|Volume 19 #6
|Articles in This Issue
|A Garden Party
And, on April 19th, it surely was. With Susan Shaw coordinating the evening's dance as the chairperson, the spring dance for Vancouver USA SCD looked as if it were situated in a lovely garden terrace. With beautiful live potted flowers and a flower-filled trellis, the Oak-Elm rooms at Marshall Center were transformed.
From lovely garden ladies in flowing gowns to handsome gents in their kilts, it was a wonderful dance with Lisa Scott and Leslie Hirsch providing the music to enjoy and dance to. Marge van Nus was the emcee; the three teachers-in-training, Geri Stuart, Liza Halpenny and John Shaw, briefed and held walk-throughs of the dances, much appreciated by those attending. Also appreciated were the Pillings provided by Fred van Nus, the program board by Tom Halpenny, and name tags by Linda Mae Dennis.
Earlier that afternoon, a special dance practice session lead by the three teachers-in-training had been held with Lisa Scott providing the music. Everyone who had been able to come earlier enjoyed this extra treat.
A marvelous evening! And a big thanks to all who made it happen.
|Spring Fling at PDX
A group of Scottish Country Dancers performed at the Portland International Airport on April 13 and April 20, as part of the "Spring Fling" series of European entertainment to celebrate the new Lufthansa German Airlines nonstop air service to Frankfurt.
The dancers, Marge and Fred van Nus, Geri and Robert and Duncan and Alasdair Stuart, Liza and Tom Halpenny, Van Meter Hord, Martin MacKenzie, and Raminta Soden, performed for two hours each day. Passing travelers stopped to watch a dance and then continued on their way, to be replaced with a new audience for the next dance.
In addition to audience participation by some of the travelers, the Scottish Country Dancers were joined by some members of a group of Norwegian Dancers who were performing at the same time. These dancers wore colorful costumes and were all very tall! Also performing was a rythmic Yiddish band. The Lithuanian Dancers had performed there a couple of weeks earlier.
Fran and Herb Petschek joined the group for some dances before catching a flight home to Ashland, after having attended the "Garden Party" Spring Dance the previous evening.
The dance team celebrated their camaraderie each day with a complimentary ice cream treat in the airport food court.
|A Turn on the Dance Floor
|Do You Need Ghillies?
Just a note: On May 10th, representatives of James Senior of Edinburgh will be present at the Portland monthly dance. (Many of us wear and enjoy ghillies made by this company.)
See the Calendar item for May 10th for more details.
|Annual General Meeting
The Annual General Meeting of the Vancouver USA Scottish Country Dancers Association will be held Wednesday May 21, 2003, 9:15pm, at the Marshall Center, Oak/Elm Room, 1009 E. McLoughlin Blvd. This time is directly following the regular SCD class.
1) Elect the "Committee of Management members" for the next 1-year term. The "Manager" position is currently held by Tom Halpenny and the "Secretary-Treasurer" position is currently held by Van Meter Hord. Both Tom and Van are willing to serve for another year. However, if you have an interest in serving in either of these positions, then please feel free to talk with Tom or Van to learn more about the positions.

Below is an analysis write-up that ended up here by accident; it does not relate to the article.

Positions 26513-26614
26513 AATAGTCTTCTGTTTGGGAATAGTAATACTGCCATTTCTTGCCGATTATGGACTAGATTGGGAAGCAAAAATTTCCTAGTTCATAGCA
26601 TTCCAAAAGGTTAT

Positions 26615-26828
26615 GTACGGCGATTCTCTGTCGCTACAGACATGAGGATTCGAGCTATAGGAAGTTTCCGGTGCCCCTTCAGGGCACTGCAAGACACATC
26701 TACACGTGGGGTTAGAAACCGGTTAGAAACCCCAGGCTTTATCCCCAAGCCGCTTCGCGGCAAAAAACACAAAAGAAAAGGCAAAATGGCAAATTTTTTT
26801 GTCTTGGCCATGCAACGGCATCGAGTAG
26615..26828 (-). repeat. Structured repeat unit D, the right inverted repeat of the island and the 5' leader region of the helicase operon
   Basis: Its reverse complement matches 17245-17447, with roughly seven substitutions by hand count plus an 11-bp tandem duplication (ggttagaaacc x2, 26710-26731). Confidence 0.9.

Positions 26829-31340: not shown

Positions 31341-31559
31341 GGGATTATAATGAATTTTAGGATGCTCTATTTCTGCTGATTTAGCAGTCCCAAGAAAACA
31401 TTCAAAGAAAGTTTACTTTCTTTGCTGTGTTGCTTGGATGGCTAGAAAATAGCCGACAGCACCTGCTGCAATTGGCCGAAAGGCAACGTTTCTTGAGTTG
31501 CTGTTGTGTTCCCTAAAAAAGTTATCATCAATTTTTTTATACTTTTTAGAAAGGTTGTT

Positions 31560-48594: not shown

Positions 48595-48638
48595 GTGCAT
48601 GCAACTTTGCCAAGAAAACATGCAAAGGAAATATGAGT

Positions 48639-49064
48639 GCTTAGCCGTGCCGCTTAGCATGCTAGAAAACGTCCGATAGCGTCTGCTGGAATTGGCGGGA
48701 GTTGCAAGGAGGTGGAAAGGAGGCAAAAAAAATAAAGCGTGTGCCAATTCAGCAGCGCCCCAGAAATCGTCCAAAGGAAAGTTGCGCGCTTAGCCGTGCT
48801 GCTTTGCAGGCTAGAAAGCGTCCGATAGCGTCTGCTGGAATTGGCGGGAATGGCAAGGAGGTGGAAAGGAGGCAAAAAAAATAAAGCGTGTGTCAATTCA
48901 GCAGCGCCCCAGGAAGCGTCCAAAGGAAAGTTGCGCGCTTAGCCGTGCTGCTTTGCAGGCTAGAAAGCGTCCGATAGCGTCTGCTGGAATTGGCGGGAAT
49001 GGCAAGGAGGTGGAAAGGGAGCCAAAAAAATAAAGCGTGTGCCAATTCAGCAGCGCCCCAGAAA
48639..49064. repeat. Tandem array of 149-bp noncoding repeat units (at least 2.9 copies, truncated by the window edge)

2) Collect membership dues for the upcoming year. You may join the RSCDS and the local association or you may choose to join only the local association. We will soon provide information about the prices.
3) Receive reports from committee chairs about activities during the past year.
4) Discuss new business.
|VancouverUSA SCD Summer
The Summer class for Scottish Country Dancing will start on Wednesday May 7, at the Marshall Center, Oak/Elm Room, 1009 E. McLoughlin Blvd, in Vancouver, Washington. Classes meet every Wednesday from 7:45-9:15p.
|This time you have two options
The "long" session 1 will run through August 27, for 17 weeks. The cost of the session is $61.00 ($56.50 if you live within the Vancouver city limits).
The "short" session 2 will run through June 25, for 8 weeks. The cost of this shorter session is $24.00 ($21.50 if you live within the Vancouver city limits).
To register with a credit card, you may call 696-8236 and specify class code EN0290.
We believe that we will be able to move to the air conditioned Lupke Center when the weather becomes warm.
|Scottish Country Dancing,
In March of 2003, four members of the Vancouver USA SCD group took a one-week trip to the Island of Hawaii on an SCD trip arranged by Ken McFarland. Marge van Nus, Geri Stuart, and Tom and Liza Halpenny joined over 80 other dancers from around the world to dance to the musical magic of fiddler Alasdair Fraser and pianist Muriel Johnstone.
The event was held at Kalani Honua Eco-Resort on the Puna Coast of the Big Island. Housing was in "hales" of around eight bedrooms with shared bathrooms. Meals, announced by the blowing of a conch shell, were served buffet-style on an open, covered patio. The emphasis was on vegetarian cuisine, but delicious meat dishes were also provided.
The dance hall was a huge screened pavilion, with a wooden floor "floated" on rubber tires. Many vases of tropical flowers were placed about, and water and snacks were provided the humid dancers. English Dancing was offered every morning as a "yoga" warm-up session. Every evening was Scottish Country Dancing, with one Hawaiian-themed night and one kilt night. Wednesday there was no dancing, so participants could take longer day trips.